This Halloween Weekend in Stockholm

by on 01/11/18 at 1:21 pm

While this is generally a bit of a slower period in Stockholm, between the busy summer and Christmas periods, this coming weekend is filled with events. This is because of Halloween, All Saint’s Day and “höstlov” (the autumn school break for children) all fall on this week/weekend. Besides the events listed below, keep in mind that many museums in Stockholm will have special activities set up for children.

Halloween is a relatively new concept to Sweden, at least the Americanized version with ghosts, goblins and trick & treating. But Swedes have taken a liking to this holiday and it is growing in popularity, so don’t be surprised to see people dressed up in costumes this week. While Halloween is always on October 31st in the U.S., it is more vague here in Sweden with people generally celebrating on the closest weekend (but not even that is set in stone).

Press image from Shockholm

A large annual Halloween event is Shockholm (see the play on words?), Scandinavia’s biggest Halloween parade. This happens on Saturday, November 3rd, starting with opening ceremonies, costume competition and live performances in Kungsträdgården park from 3:30pm to 5pm. The parade then starts and snakes its way through Gamla Stan for about an hour before arriving back at Kungsträdgården for the award ceremonies.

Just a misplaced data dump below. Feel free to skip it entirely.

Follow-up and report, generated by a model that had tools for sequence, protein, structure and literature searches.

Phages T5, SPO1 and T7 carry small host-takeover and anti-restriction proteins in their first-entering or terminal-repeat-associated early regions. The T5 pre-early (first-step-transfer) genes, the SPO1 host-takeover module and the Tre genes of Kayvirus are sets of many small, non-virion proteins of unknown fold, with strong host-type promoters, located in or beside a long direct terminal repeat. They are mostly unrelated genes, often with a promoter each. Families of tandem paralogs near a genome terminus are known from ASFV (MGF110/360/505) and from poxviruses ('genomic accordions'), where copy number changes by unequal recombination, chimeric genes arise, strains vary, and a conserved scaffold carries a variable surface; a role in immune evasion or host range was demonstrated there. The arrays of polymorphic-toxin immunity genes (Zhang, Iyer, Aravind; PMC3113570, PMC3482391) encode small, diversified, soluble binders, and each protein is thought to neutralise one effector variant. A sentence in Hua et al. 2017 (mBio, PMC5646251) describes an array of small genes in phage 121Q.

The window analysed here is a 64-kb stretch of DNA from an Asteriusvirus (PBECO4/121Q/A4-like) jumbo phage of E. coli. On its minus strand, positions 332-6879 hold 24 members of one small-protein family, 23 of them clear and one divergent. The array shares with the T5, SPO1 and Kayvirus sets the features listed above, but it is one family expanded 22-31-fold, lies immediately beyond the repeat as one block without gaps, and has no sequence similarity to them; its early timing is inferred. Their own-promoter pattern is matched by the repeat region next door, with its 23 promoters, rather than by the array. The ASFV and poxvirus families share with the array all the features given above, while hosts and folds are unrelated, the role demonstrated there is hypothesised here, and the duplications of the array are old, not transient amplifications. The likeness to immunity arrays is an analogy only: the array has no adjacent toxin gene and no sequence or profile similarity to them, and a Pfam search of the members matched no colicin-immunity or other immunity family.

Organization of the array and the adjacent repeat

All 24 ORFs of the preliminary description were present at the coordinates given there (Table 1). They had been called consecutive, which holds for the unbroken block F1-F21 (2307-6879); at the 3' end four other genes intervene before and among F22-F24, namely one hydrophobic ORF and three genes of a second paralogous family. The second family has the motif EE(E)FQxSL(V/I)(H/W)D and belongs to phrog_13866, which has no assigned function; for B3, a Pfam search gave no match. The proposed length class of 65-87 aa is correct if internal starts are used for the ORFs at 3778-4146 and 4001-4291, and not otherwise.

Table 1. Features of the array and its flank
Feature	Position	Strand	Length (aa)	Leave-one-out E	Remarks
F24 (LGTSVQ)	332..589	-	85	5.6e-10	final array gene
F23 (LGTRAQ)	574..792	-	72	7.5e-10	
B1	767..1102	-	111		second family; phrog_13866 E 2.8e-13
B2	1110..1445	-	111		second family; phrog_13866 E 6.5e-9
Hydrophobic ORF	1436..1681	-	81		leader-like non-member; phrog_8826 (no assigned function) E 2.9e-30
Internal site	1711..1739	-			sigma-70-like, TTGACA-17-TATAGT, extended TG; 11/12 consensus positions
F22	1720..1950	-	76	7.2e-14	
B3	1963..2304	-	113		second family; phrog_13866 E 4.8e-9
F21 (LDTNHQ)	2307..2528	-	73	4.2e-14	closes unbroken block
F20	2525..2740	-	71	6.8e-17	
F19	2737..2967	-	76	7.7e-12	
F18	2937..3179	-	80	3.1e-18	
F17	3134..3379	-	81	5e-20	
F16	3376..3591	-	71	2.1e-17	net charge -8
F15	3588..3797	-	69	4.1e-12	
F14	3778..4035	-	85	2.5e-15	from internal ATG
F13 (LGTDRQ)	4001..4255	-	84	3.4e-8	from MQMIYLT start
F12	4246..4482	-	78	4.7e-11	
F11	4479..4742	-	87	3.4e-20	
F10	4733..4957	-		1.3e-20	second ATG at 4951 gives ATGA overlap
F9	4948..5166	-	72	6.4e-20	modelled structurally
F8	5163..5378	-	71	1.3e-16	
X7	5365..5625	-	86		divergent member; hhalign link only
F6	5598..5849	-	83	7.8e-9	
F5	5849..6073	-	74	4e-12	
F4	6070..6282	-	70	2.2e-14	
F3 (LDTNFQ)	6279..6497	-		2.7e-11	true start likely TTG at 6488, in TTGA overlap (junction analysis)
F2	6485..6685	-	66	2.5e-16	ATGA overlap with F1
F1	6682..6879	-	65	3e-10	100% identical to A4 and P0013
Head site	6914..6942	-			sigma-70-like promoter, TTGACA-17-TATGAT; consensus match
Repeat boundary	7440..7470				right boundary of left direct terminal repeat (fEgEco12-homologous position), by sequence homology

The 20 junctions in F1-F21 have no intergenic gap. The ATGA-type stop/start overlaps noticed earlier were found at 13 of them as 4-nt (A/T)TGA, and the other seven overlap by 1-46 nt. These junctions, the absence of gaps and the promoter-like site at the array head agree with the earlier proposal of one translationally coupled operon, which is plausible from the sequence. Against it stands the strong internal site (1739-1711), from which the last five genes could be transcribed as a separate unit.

Press image from Shockholm

Some more spooky stuff… our big amusement park Gröna Lund, which is usually just open in the summer months, is open this week for the children on their autumn break. For Halloween they have some scary attractions, including several haunted houses! Gröna Lund is located on Djurgården, near many of the other main attractions like the Vasa and ABBA museums and Skansen, so you can easily combine them.

Halloween at Gröna Lund
Photo by Johan Gramén 

Besides the spooky stuff, this is also a season of reflection and darkness. All Saint’s Day is on Saturday, November 3rd. A popular activity this weekend for Swedes is to visit the graves of departed loved ones and light candles. The best place to experience this hauntingly beautiful tradition is the Woodland Cemetery (Skogskyrkogården), which is a UNESCO World Heritage Site. More information. Be respectful of people visiting graves!

All Saints’ Day at Skogskyrkogården
Photo by Susanne Hallman

November is a dark month… the days get shorter and neither snow nor Christmas lights have come yet. It is important for Swedes to get some light in their lives this time of year, so perhaps it isn’t strange that we have a Light Festival! The festival takes place around the shores of the lake Brunnsviken, just on the northern outskirts of the city, on Sunday, November 4th. There will be six torchlight processions, live music from choirs, string quartets and more… all starting at 3:40pm. It is very beautiful with the torches lit all around the lake! See link above for more detailed information.

Light Festival at Brunnsviken (2017)
Photo by Ronny Fors